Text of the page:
If you follow the Maya prophesy, 12/21/12 is supposed to be the end of the world as we know it. Michelle da Silva Richmond heads off the tourist path on the Yucatan to see how they are celebrating as well as marketing this historic date.
As the clock winds down to the end of the year, Mexico’s Yucatan Peninsula is at the forefront of global awareness because of the ancient Maya prophesy which in some people’s imaginations – thanks in part to media hype – heralds the end of the world.
Yet, descendants of the storied civilization that once flourished here continue to carry on rituals introduced by their ancestors are looking to the future and are energized as never before. This year holds profound significance, since December 21, 2012 marks the end of the 5,125-year cycle in Maya cosmology. It is the start of a new calendar cycle, and not doomsday. The modern Maya scoff at the apocalyptic predictions and will tell you that this marks a new beginning and a chance to leave the past behind. It is a time of hope and renewal.
To celebrate this rejuvenation, area attractions and hotels in Cancun and along the Riviera Maya are in full swing with myriad activities and rituals to embrace this new beginning.
Xcaret, the area’s famed eco-archeological park, offers several themed events this month for families to explore Maya culture in a fun, interactive way during the special celebrations:
- Through December 21, the special nightly show dubbed Xcaret Mexico Espectacular, will commemorate the Maya culture in the Tlachco area of the park.
- Macaws were significant to the Maya as they symbolized the sun. To commemorate this, “Hand the Sun Over,” on December 21 and 22 will feature the release of 104 macaws in a blaze of glory into the universe.
- Mystical meditation and guided nature journeys will be staged through December 22.
- A gala dinner to celebrate the rebirth of the Maya calendar on December 21 will include dancing, a traditional meal, and a special tribute to the past.
- The Maya honored the four cosmic directions with four different colored trees, which they believed were a vehicle for direct communication with the gods. Through December 22, guests are invited to re-enact this tradition and send their messages to the gods by tucking them into Ceiba trees. The Ceiba is sacred to the Maya as they believe that the gods sit atop them and listen to our wishes and desires.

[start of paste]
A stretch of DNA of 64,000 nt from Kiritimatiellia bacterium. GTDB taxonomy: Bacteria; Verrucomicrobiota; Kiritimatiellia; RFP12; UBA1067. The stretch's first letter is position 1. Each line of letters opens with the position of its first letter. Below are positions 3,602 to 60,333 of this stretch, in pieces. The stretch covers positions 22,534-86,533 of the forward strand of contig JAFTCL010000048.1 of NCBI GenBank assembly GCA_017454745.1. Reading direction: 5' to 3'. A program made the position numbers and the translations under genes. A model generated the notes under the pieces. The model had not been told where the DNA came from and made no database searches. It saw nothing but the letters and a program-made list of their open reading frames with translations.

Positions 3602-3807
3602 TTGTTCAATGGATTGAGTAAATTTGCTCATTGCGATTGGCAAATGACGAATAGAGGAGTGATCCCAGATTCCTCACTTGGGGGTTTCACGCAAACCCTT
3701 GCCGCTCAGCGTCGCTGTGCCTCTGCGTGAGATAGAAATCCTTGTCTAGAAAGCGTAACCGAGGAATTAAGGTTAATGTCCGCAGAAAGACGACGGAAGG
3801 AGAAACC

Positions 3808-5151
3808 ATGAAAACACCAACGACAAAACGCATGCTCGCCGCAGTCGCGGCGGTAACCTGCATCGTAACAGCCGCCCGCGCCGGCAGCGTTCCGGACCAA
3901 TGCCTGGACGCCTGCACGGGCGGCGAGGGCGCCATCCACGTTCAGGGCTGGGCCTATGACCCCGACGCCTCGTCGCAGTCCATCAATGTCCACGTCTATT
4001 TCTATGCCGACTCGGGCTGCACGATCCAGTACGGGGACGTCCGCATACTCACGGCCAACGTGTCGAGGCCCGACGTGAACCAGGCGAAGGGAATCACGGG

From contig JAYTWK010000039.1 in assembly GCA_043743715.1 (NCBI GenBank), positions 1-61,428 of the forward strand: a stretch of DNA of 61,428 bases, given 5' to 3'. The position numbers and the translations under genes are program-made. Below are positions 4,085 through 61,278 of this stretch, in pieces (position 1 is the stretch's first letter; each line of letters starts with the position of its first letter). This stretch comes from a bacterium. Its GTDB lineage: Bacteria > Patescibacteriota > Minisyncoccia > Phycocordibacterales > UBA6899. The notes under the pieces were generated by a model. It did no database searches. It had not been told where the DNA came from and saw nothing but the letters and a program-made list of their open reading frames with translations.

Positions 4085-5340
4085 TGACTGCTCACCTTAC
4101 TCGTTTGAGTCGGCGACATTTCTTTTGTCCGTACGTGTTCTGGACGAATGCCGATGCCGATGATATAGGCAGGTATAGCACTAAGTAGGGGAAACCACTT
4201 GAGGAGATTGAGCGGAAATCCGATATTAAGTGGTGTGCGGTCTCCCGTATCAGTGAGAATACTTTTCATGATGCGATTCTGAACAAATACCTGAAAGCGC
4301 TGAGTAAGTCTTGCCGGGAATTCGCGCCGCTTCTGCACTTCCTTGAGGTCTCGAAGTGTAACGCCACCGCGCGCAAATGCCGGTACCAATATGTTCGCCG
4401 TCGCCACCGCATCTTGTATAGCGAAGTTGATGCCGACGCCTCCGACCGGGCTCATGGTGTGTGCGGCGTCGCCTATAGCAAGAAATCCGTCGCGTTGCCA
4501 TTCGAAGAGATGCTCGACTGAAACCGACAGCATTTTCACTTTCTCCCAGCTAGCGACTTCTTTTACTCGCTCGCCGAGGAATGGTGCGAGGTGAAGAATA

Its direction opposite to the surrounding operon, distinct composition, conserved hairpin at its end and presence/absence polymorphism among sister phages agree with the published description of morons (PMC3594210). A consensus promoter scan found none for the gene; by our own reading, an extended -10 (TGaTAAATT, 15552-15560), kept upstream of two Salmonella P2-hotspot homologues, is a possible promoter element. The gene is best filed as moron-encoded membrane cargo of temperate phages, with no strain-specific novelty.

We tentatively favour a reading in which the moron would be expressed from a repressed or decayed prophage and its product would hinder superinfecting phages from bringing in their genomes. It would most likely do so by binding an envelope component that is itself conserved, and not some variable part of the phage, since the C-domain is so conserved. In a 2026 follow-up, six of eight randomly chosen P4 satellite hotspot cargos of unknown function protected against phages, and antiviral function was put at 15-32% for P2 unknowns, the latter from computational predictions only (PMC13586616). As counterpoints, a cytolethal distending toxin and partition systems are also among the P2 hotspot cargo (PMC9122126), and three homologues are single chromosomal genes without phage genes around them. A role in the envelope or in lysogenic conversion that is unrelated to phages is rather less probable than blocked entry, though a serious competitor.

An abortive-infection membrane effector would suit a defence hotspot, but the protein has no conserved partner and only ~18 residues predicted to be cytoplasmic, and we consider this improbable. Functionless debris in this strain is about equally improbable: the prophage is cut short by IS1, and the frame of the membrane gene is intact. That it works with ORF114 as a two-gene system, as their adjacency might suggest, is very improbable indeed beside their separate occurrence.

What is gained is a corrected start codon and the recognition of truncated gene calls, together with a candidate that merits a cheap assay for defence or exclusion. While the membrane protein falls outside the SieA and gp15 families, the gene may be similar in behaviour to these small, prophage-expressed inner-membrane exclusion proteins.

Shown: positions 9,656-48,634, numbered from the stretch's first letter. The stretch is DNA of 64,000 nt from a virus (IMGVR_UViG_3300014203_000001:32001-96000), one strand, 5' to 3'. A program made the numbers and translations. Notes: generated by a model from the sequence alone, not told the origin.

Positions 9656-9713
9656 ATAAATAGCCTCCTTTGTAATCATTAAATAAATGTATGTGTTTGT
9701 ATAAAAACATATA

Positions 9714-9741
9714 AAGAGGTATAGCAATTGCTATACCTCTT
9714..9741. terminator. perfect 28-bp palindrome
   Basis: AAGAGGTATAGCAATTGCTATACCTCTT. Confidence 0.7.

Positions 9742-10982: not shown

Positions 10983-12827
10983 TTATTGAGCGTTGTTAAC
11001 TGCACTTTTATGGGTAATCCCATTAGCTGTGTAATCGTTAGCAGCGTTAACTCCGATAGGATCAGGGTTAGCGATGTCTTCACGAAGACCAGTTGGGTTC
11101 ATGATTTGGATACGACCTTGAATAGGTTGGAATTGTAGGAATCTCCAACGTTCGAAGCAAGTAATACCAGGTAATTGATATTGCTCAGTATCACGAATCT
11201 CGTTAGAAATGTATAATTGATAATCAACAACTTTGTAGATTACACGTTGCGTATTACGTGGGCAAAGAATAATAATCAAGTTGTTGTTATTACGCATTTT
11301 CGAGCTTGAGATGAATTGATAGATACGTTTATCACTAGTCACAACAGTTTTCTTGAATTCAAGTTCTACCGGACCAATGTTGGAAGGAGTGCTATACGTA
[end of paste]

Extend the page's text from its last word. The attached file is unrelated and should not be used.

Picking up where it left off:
Considered one of the world’s largest natural aquariums, Xel-Há is celebrating the new beginning with a series of renewal experiences including:
- Yoga by the sea on December 20 and 22 which will include ceremonies to welcome the new era amidst a sea of floating candles.
- Special purification and transformation experiences, throughout December to be held at the mouth of the area’s longest underground river, or cenote, which were sacred to the Maya.
- Writing messages of renovation on the leaves of the sacred ceiba tree through January 6.
- Nightly Maya astrological predictions December 17-22.
Not for the faint of heart, Xplor Adventure Park is offering guests a daring challenge to fly blindfolded 765 yards along their 147-foot high zip-line.
The ancient Maya city of Tulum is celebrating the end of the Maya Calendar with the Pyramid of Positive Thinking, designed by artist Xavier Maria y Campos. The pyramid, designed to reflect the Maya culture, was created with recycled plastic bottles containing positive thoughts written by residents and visitors to the area. It is expected to house some 700,000 thoughts from people around the world. For those who can’t visit Cancun, positive thoughts can be submitted using the official Facebook page — Pyramid of Positive Thinking 2012.
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